The global markets have been reeling under the pressure from heavy stock selling in recent weeks. In that environment, traders have had plenty of options to earn money while shorting stocks in a down market. For some time, it seems that many short sellers have been especially pessimistic about the prospects of several dividend-paying companies. Otherwise, in some cases, hedge funds may have been hedging some of their long exposures in the sector or engaging in merger arbitrage. The list of heavily shorted dividend-paying stocks includes the likes of Supervalu (SVU), Meredith Corporation (MDP), Kinder Morgan (KMI), Pitney Bowes (PBI), and Safeway (SWY).
Some of these companies boast very high yields, such as Pitney Bowes, with a 10.9% yield, and Supervalu, yielding 7.5% at current prices. Surprisingly, in spite of a negative sentiment, some of the noted short plays have registered large dividend hikes, such as Safeway, which recently upped its quarterly dividend by 21%. Still, the selling pressure has been quite strong so as to push down the shares of these companies by about 17.6%, on average, since the beginning of the year. The broad market, as measured by the S&P 500, was up 3.2% over the same period.
When analyzing the shorted stocks, the attention was paid to short interest as percentage of the float, the latter representing the total number of shares available for trading. As the chart below shows, among the aforementioned stocks, the shares of grocer Supervalu registered the highest short interest as percentage of the float, standing at 44.7%. According to some analysts, the stock has seen high short interest due to excessive debt-to-equity levels relative to its peers and poor earnings performance. Even though the company generates positive free cash flow, it has seen a slide in revenues over the past five years and on a number of performance metrics remains below its peers.
As already noted, Supervalu pays a dividend yield of 7.5%, on a payout ratio of 18% of trailing-twelve-month free cash flow. Its competitors The Kroger Co. (KR) and Safeway are paying dividend yields of 2.10% and 3.7%, respectively. Supervalu's shares, trading at $4.8 a share or 3.6 times the company's forward earnings, are down a staggering 43.7% year-to-date.
Another heavily shorted stock is that of Meredith Corporation. Short interest as percentage of the float for this magazine publisher and TV broadcaster hovers around 35.3%. The company has struggled to boost revenues in a highly competitive environment, although it tries to grow through acquisitions. The company has delivered a robust growth in dividends of 15.1% a year over the past five years. The $1.4 billion company pays a high dividend yield of 4.6% on a payout ratio of 55%. The company's peer Martha Stewart Living Omnimedia (MSO) does not pay any dividend. Competitors McGraw-Hill Companies (MHP) and Scholastic Corporation (SCHL) are yielding 2.3% and 1.7%, respectively. The stock is trading at $30.4 a share, or 11.5 times its forward earnings (well below its industry). It is down 7% from the beginning of the year.
Kinder Morgan has also seen high short interest activity. The $17.4 billion energy company operating pipelines and storage terminals has the ratio of short interest to the float at about 31.9%. Kinder Morgan has just completed its acquisition of rival El Paso. The company expects cost savings of $400 million a year. Kinder Morgan pays a dividend yield of 4.0% on a high payout ratio of 184% of earnings and a lower ratio of 53% of free cash flow. The company's rivals Enterprise Product Partners (EPD) and Williams Companies (WMB) pay dividend yields of 5.1% and 3.9%, respectively. The company's shares are changing hands at $32.4, or 27 times its forward earnings (above its industry ratio). The stock is down by a meager 0.2% from the start of the year.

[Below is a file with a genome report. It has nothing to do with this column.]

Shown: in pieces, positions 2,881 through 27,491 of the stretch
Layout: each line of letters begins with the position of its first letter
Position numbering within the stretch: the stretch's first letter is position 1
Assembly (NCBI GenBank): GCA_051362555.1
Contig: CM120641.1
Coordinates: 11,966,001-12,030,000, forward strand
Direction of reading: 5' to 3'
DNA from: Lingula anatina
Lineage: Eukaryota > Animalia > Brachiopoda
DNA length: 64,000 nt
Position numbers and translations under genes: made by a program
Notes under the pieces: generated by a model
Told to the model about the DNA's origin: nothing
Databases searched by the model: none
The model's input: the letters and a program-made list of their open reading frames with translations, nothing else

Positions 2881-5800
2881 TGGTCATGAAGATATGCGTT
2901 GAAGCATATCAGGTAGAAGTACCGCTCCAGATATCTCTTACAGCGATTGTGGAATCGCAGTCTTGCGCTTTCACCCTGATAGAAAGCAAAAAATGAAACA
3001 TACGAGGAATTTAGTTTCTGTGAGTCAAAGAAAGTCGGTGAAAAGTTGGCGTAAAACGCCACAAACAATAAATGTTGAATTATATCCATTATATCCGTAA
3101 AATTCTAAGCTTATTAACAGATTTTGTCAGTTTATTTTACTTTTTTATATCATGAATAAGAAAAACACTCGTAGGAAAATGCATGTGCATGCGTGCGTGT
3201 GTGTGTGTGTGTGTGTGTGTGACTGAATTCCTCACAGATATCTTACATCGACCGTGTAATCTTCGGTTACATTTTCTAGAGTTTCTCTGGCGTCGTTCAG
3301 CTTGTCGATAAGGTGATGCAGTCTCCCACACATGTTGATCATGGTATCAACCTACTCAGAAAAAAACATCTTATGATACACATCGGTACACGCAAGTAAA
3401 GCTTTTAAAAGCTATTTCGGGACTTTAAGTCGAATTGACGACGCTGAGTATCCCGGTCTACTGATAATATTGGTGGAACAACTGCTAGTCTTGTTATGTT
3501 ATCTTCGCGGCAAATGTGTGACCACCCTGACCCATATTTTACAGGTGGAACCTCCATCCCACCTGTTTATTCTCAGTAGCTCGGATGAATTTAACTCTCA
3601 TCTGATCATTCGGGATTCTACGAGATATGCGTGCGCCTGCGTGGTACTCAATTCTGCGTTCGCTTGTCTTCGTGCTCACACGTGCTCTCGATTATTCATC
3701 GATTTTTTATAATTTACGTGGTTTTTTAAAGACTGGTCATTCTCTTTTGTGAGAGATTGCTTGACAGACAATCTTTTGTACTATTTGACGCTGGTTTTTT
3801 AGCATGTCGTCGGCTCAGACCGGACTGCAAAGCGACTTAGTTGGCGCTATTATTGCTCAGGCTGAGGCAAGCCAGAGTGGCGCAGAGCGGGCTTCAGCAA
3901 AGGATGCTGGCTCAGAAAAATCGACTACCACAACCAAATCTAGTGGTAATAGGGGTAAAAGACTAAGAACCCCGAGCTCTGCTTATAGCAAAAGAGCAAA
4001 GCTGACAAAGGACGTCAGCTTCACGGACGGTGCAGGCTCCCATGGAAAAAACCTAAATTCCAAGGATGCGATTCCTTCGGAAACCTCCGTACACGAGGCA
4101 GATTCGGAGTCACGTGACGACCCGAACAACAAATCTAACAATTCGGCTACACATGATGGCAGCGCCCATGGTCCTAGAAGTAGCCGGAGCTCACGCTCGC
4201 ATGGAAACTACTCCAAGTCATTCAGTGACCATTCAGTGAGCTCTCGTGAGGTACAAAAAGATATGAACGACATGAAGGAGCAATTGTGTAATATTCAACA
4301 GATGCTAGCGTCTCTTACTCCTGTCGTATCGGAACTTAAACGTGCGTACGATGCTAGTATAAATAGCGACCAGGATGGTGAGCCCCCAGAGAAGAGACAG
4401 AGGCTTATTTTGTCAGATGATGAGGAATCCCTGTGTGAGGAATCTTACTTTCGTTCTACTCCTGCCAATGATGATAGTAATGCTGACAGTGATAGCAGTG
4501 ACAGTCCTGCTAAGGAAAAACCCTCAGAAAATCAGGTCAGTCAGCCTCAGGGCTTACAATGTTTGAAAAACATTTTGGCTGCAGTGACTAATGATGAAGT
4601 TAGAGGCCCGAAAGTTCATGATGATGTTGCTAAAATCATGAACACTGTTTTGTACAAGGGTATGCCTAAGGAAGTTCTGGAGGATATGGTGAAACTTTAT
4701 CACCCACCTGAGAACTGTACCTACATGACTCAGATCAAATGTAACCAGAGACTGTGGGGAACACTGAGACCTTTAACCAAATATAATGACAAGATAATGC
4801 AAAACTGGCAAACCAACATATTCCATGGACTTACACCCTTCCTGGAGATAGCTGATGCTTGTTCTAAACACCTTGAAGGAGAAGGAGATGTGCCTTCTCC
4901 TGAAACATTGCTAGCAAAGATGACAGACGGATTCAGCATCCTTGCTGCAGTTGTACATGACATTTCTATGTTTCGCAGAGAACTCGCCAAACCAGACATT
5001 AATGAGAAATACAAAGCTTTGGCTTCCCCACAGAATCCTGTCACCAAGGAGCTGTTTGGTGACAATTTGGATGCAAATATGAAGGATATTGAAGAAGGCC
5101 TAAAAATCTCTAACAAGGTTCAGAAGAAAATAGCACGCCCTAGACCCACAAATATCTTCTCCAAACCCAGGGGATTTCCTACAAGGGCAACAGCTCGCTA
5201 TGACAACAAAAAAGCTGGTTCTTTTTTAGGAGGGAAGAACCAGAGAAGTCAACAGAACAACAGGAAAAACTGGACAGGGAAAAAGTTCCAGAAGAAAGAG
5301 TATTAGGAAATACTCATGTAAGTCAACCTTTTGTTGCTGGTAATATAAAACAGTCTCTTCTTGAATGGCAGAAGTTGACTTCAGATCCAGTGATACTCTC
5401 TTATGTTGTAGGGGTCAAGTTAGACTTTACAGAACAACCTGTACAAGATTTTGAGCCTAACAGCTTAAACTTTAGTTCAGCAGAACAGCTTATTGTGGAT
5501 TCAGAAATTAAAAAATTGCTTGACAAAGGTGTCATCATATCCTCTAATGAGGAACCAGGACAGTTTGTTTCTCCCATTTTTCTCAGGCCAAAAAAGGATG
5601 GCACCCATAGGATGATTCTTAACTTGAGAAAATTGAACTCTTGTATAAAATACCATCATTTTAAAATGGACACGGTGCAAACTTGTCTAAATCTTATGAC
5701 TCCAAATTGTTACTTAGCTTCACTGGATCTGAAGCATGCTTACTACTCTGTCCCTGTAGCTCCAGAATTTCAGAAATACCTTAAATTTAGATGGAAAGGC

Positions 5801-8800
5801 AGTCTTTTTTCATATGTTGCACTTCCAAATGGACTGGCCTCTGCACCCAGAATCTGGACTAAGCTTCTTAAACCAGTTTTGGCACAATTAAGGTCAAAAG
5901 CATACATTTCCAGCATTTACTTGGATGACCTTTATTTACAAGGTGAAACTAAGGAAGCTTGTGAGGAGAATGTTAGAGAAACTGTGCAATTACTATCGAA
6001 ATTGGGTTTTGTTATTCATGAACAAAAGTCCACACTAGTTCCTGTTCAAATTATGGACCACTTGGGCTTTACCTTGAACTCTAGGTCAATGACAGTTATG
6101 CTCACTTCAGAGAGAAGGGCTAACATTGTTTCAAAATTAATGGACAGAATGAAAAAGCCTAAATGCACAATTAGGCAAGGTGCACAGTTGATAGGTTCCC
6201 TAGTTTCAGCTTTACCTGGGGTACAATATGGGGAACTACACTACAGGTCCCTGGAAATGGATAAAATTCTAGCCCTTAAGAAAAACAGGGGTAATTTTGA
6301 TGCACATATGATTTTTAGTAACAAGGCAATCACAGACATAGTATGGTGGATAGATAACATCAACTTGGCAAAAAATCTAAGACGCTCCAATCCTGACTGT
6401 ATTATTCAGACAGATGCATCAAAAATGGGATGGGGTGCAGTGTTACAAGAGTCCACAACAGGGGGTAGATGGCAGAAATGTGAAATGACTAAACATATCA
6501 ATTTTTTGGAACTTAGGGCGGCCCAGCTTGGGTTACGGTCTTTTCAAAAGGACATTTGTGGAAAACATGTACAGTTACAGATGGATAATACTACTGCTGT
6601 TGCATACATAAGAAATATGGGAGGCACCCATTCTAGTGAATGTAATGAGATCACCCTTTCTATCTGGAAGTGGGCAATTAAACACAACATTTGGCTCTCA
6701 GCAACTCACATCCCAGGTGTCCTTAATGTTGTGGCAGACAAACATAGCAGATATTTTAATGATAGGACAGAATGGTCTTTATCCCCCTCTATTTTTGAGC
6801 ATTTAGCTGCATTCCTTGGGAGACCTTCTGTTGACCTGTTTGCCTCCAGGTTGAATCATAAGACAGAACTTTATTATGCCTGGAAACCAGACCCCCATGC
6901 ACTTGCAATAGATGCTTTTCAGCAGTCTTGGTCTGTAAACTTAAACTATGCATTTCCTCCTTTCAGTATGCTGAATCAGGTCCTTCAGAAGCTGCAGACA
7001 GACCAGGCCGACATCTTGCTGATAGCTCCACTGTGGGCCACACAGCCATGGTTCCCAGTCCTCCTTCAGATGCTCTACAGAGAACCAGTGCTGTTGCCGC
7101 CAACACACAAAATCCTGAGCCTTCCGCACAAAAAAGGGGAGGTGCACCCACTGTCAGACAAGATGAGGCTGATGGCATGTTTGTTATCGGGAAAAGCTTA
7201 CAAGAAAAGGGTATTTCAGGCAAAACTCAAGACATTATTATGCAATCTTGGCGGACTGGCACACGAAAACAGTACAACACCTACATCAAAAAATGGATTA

Pitney Bowes is considered one of the dividend aristocrats, the companies that have paid dividends consistently for more than 25 years. The mail processing equipment and integrated solutions company has paid dividends since 1934. The company is yielding 10.9% on a payout ratio of 43%. As regards its competition, Pitney Bowes' competitors Xerox (XRX) and Cannon (CAJ) are yielding 2.4% and 3.6%, respectively. Still, the company's business model seems to be outdated and the company appears to be in a decline. The stock of this company has a relatively high short interest as percentage of the float at 26.8%. The company's stock is selling at $13.9 a share, or 6.8 times its forward earnings (above the industry ratio). The shares have sunk some 26.4% year-to-date.
Finally, Safeway, a food and drug retailer has seen relatively high short interest as percentage of the float at 25.7%. The company has seen strong revenue growth and free cash flow generation. It pays a dividend yield of 3.7% on a payout ratio of 34%. Its competitors, including Supervalu and The Kroger Co. pay dividend yields of 7.50% and 2.10%, respectively. Safeway's shares are changing hands at $19.2, or 9.2 times its forward earnings (well below the industry ratio). The shares are down 10.6% this year. Still, recently, Citibank upgraded the stock based on the grocer's top-line growth, pharmacy share gains, and attractive valuation.
Even though investors bet against these stocks, some renowned fund managers hold them as long positions in their portfolios. For example, Joel Greenblatt is bullish about Supervalu. David Dreman holds a 2.5% stake in Meredith Corporation. Both Dreman and Greenblatt hold small stakes in Pitney Bowes. Billionaires Leon Cooperman and Steve Mandel are long Kinder Morgan. Ray Dalio increased his small stake in Safeway by 234% in the first quarter of 2012.